James Taylor, a respectably-dressed young man, was charged with having stolen a quantity of wearing apparel from the house of Mr James Suttie, the Bird-i-th’-Hand, Bank-street. He got lodgings in the house on Saturday evening, and at midnight, after he had pretended to go to bed, he attempted to leave the house unseen, taking with him nearly all the female servants’ wearing apparel. Committed for trial.

Manchester Courier, 28 August 1852

James Suttie was later at the Coe Street Tavern.

The final landlord of the Bird I’Th Hand was James Brownlow. The pub closed in 1870 and in Bolton Pubs 1800-2000, Gordon Readyhough tells us that it existed as a lodging house by 1876. But by 1895 it was a club, the Friendly Societies Working Men’s Club, and existed as such at least until the 1920s. 

The building that stands on the site is not the original. However, in recent years the site has housed the Taboosh Takeaway and the Via Italia restaurant before the Taboosh Shisha bar opened on in 2010.

Tuesday, 24 November 2015

Antelope (Antelope's Head), Churchgate, Bolton

Antelopes Head ABC Cinema Churchgate Bolton 1976

The ABC Cinema on Churchgate is seen here in the summer of 1976 with 'It Shouldn't Happen To A Vet' as the main feature. The Antelope occupied the right-hand part of the premises. Copyright Bolton Library and Museums Service.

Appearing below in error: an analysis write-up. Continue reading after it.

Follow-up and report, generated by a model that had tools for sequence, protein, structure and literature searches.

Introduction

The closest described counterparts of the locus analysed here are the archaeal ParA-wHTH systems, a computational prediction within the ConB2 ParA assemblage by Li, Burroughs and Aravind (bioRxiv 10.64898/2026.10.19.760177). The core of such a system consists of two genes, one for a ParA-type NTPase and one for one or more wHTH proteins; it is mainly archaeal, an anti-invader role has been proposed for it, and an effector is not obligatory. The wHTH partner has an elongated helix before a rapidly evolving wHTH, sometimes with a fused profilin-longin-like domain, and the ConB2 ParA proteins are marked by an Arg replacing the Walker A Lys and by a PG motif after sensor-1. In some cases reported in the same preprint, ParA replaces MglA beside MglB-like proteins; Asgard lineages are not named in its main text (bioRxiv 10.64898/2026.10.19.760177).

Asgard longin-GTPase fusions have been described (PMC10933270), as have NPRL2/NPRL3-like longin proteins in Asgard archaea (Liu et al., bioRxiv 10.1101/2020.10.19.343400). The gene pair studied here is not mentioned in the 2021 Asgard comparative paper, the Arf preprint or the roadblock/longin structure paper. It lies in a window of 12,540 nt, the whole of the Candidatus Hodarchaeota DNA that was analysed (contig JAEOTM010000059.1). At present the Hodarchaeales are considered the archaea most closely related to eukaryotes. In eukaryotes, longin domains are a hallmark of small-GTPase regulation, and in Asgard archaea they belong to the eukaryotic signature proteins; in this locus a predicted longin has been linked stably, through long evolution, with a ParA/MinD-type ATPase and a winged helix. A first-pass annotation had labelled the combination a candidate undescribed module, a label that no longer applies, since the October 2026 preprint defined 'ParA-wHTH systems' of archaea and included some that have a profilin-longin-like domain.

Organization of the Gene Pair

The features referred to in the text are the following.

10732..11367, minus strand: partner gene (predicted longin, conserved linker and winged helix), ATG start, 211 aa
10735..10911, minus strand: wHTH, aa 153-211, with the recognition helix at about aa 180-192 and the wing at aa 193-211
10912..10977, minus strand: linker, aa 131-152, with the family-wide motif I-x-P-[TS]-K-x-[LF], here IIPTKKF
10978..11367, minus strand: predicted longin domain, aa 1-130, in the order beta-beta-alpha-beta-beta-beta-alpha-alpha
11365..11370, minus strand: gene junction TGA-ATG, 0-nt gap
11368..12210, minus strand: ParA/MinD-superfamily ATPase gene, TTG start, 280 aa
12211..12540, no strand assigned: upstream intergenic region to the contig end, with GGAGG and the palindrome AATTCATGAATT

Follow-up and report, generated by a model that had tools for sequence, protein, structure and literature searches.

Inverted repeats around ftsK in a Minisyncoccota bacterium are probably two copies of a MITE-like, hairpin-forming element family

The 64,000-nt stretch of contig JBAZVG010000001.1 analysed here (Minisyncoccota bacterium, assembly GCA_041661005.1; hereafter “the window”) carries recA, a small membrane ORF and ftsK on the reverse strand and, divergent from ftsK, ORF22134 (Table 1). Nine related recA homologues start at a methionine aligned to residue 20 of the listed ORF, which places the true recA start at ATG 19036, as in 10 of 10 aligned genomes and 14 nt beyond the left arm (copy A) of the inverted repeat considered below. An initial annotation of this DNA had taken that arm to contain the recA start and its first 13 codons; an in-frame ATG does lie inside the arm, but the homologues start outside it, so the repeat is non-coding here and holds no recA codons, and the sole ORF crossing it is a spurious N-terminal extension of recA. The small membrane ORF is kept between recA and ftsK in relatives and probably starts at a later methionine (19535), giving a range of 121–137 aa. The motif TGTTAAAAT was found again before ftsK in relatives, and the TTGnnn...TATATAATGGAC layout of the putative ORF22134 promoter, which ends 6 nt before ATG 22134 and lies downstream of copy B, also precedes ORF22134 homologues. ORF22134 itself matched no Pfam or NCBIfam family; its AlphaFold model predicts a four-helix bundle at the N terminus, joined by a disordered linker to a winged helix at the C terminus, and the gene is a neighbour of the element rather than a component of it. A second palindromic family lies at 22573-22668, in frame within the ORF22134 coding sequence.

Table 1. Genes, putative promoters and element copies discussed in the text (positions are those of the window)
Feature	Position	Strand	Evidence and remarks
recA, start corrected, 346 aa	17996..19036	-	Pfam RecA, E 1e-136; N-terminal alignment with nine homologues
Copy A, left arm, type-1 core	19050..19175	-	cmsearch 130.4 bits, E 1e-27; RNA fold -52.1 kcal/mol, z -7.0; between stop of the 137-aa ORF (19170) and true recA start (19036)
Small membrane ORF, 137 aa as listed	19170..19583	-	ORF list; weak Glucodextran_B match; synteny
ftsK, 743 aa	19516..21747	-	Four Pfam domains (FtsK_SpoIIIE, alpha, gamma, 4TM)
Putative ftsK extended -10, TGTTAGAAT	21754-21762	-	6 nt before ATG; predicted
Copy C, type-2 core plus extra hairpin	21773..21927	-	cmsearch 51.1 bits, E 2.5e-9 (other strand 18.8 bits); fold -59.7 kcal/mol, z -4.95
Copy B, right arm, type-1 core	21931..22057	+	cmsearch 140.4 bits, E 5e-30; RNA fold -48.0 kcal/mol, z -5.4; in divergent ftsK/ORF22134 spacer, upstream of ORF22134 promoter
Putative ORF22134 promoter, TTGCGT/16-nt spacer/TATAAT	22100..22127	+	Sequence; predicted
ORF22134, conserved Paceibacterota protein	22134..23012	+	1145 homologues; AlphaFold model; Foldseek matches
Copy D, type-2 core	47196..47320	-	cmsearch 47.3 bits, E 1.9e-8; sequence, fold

The Antelope Inn – or the Antelope’s Head as it was sometimes known – stood on Churchgate and was used as a pub for almost a hundred years from around the 1790s onwards. It was situated at 27 Churchgate, halfway between the Golden Lion and the Boars Head.

To the rear of the pub was Antelope Court which contained a three-storey silk mill, tenement dwellings and a bakehouse. At the back of Antelope Court, overlooking the River Croal, was a pit where cock fights would take place. [1] Cock fighting was hugely popular in Bolton with wagers taking place on the result of fights. But gambling was illegal as the Antelope’s landlord Mr Gee discovered in 1829. He was fined £5 for allowing gambling on his premises – the equivalent of around £500 today. [2]

Fred Hill’s 1981 book Churchgate: 50 Years Ago, A Biography Of Lifestyles In The Early Thirties shows pictures of the Antelope Court cock-fighting pit taken at the time he wrote his book. It is also an interesting read from a modern-day perspective even when he talks about the area in the early-eighties. An artist’s impression of Antelope’s Court by Robert Hampson (1925-1996) can be seen here

Steve Fielding gives an account of a murder in Antelope’s Court in 1883. An extract from his book Murderous Bolton can be seen here. He notes that the site is reputedly haunted.

A look at local directories show landlords coming and going from the Antelope. It was in a very heavily-pubbed area of the town centre and theatres began to spring up on the other side of Churchgate during the nineteenth century. Indeed, one licensee of the pub, Peter Crook, was declared bankrupt in 1858. He was at the Starkie Arms on Tonge Moor Road in 1849 but moved to the Antelope’s Head in the early-1850s. By 1858 he was living in lodgings on Shipgates, just off Bradshawgate, when he was hauled before the judge and presumably off to the debtor’s prison. [3]

By 1869 the tenancy of the Antelope was being advertised in the Bolton Evening News. It was described as being “a well-known and fully accustomed house”. Previous landlord Josiah Hurst had moved on to another pub. [4]